It is no secret – Thanksgiving is one of the traditional American holidays that circles food. And while some people might look forward to such an event, for those battling an eating disorder, in eating disorder recovery or simply struggling with food in some way, it can be a highly triggering, very difficult holiday to face.
Should I attend Thanksgiving with an eating disorder?
Eating disorders (ED) can vary from highly restrictive eating to over-eating, put simply. Regardless of how you have a negative relationship with food, being put into a situation that completely circles food can be a nightmare.
So, should you just skip out on Thanksgiving entirely?
Ultimately, that’s up to you. If you truly feel like participation would push you further than you can handle, you can choose to not attend. Your mental health and physical wellbeing is most important – if you are in a vulnerable state, say, the early stages of recovery or newly post-treatment – it might be in your best interests to protect yourself at this time.
However, Thanksgiving should not be something you can’t participate in due to a mental health condition. While it may be hard, there are absolutely ways you can partake. After all, Thanksgiving is truly about focusing on gratitude and the blessings in our lives – food just plays a part in the way in which it’s celebrated.
But if you focus on the gratitude part, and not so much on the eating aspect, you are more likely to be able to peacefully enter in the celebration and enjoy the time with your family and friends.
Tips to enjoy the holidays with an eating disorder
There are ways you can easily enter into the holiday season while at the same time managing feelings of stress and anxiety when it comes to disordered eating.
Be intentional about what conversations you enter into
For some reason, discussions around the Thanksgiving table often switch to weight loss, dieting and exercise, which can be triggering to those already struggling with an eating disorder. If this happens, consider stepping away from the conversation by helping cook or clean in the kitchen, starting up a different conversation with another family member or simply asking everyone to switch the topic.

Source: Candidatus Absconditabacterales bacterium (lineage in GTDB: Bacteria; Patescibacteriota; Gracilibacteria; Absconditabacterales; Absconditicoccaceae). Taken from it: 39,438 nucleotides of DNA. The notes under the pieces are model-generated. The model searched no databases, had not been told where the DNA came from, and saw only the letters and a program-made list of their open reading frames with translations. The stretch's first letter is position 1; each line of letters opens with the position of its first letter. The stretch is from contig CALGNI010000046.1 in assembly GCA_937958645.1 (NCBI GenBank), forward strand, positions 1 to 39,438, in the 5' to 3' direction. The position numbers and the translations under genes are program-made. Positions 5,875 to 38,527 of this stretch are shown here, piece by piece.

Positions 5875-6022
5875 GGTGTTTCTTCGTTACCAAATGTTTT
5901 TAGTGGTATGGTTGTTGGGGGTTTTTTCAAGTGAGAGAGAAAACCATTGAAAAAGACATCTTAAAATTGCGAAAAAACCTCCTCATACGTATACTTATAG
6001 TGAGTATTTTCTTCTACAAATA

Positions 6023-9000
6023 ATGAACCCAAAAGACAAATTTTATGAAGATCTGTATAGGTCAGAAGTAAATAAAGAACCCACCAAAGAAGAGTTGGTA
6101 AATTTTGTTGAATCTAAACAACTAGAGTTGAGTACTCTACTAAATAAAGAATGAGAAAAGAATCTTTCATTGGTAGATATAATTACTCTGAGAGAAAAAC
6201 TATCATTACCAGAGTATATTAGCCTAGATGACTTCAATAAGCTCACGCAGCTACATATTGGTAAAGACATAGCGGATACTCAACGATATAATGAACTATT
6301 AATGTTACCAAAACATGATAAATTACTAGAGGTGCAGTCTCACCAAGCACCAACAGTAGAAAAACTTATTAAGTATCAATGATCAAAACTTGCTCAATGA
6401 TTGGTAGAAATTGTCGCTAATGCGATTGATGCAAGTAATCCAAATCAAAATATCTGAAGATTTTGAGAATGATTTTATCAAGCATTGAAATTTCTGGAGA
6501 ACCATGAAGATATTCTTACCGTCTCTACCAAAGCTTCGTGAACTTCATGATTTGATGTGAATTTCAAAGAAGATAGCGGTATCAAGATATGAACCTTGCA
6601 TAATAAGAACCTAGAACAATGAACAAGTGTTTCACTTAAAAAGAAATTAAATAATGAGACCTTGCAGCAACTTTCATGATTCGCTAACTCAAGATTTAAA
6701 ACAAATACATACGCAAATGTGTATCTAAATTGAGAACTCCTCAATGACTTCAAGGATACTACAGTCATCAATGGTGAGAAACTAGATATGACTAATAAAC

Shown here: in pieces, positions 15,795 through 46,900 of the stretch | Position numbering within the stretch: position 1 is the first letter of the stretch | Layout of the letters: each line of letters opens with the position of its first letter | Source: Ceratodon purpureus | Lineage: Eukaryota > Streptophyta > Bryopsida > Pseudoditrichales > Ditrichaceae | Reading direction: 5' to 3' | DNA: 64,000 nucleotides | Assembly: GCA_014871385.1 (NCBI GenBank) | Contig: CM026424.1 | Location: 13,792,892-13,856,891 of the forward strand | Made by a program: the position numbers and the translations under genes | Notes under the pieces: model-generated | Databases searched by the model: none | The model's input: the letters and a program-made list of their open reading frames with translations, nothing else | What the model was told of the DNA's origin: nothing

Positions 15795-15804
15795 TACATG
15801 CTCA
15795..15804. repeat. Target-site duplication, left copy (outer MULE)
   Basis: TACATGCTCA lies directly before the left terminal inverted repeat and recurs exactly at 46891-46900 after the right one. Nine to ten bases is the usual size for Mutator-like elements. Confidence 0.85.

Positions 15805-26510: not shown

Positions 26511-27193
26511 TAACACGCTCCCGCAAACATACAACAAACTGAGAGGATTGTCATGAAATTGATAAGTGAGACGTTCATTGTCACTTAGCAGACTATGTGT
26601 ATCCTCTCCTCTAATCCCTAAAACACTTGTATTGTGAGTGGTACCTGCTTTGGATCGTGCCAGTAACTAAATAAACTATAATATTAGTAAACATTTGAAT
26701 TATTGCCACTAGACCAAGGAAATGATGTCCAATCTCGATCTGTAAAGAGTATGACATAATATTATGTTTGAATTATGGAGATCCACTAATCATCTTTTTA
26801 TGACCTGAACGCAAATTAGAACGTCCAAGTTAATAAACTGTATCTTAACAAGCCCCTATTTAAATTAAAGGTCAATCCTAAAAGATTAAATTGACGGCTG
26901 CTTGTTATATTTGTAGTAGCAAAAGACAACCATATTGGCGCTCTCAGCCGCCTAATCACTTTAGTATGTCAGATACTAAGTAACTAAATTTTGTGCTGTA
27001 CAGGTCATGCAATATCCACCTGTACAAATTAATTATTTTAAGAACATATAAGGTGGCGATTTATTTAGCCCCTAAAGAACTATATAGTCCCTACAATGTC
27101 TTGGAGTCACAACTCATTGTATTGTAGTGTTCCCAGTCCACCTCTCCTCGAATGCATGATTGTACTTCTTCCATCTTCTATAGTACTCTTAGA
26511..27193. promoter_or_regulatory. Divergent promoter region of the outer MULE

It’s important that you take care of yourself no matter what that looks like – and if that means excusing yourself while others are having this conversation, you have the freedom to do so.
Communicate clearly about your boundaries
If you are comfortable with it, tell your family your concerns and your boundaries. If you are planning on being present for the meal, ask them to refrain from commenting on your meal selections or pressuring you into eating more/less than what you have chosen.
Maybe you aren’t comfortable disclosing this to the whole family, but perhaps you have a close sibling or cousin or parent you want accountability from; consider sharing your reservations with them, and ask if they would just check in on you every once in a while. Knowing you have someone in your corner can help a lot.
Don’t compensate for Thanksgiving dinner
In recovery, adhering to a three meal a day plan is crucial to your success and wellness. For this reason, do not skip meals prior to or after Thanksgiving dinner even under the pretense of “making room” or “compensating for” it. While a lot of people are prone to over-indulging, you don’t have to.
Compensating for a holiday meal by skipping others can actually do more harm than good, and may lead to increased stress or worsened binge-eating. Instead, eat balanced meals for breakfast, lunch and dinner and don’t allow yourself to feel pressure to eat more than you need when the holiday meal rolls around.
Remember there is no such thing as “bad” food
Sure, some foods are higher in calories, sugar and/or unnecessary ingredients but this does not qualify them as bad. You may choose not to eat them, and that is completely fine, but again, that does not mean they are bad.
Try and keep this in mind when you sit down for Thanksgiving dinner. Instead of qualifying the choices in front of you as “good” or “bad” options, look at them as dishes you’d like to try versus ones you would like to pass over. This can help you keep a healthy perspective while eating and perhaps allow you to enjoy the meal with your family.
Take some deep breaths
If you feel yourself getting overwhelmed, stressed or triggered during Thanksgiving, clue into your body’s signals and step away to take some deep breaths. Try box breathing, where you inhale for four seconds, hold the breath for four seconds, exhale for four and hold for another four.
It only takes 16 seconds to do, but can quickly work to recenter the mind and help put things back into perspective when your thoughts are starting to spiral out of control.
Need help handling the holidays with an eating disorder?
Whether you are worried about relapsing with an eating disorder, have been out of treatment for a long time but still struggle during the holidays or just need some added support during Thanksgiving and Christmas, Tapestry Recovery is here to help.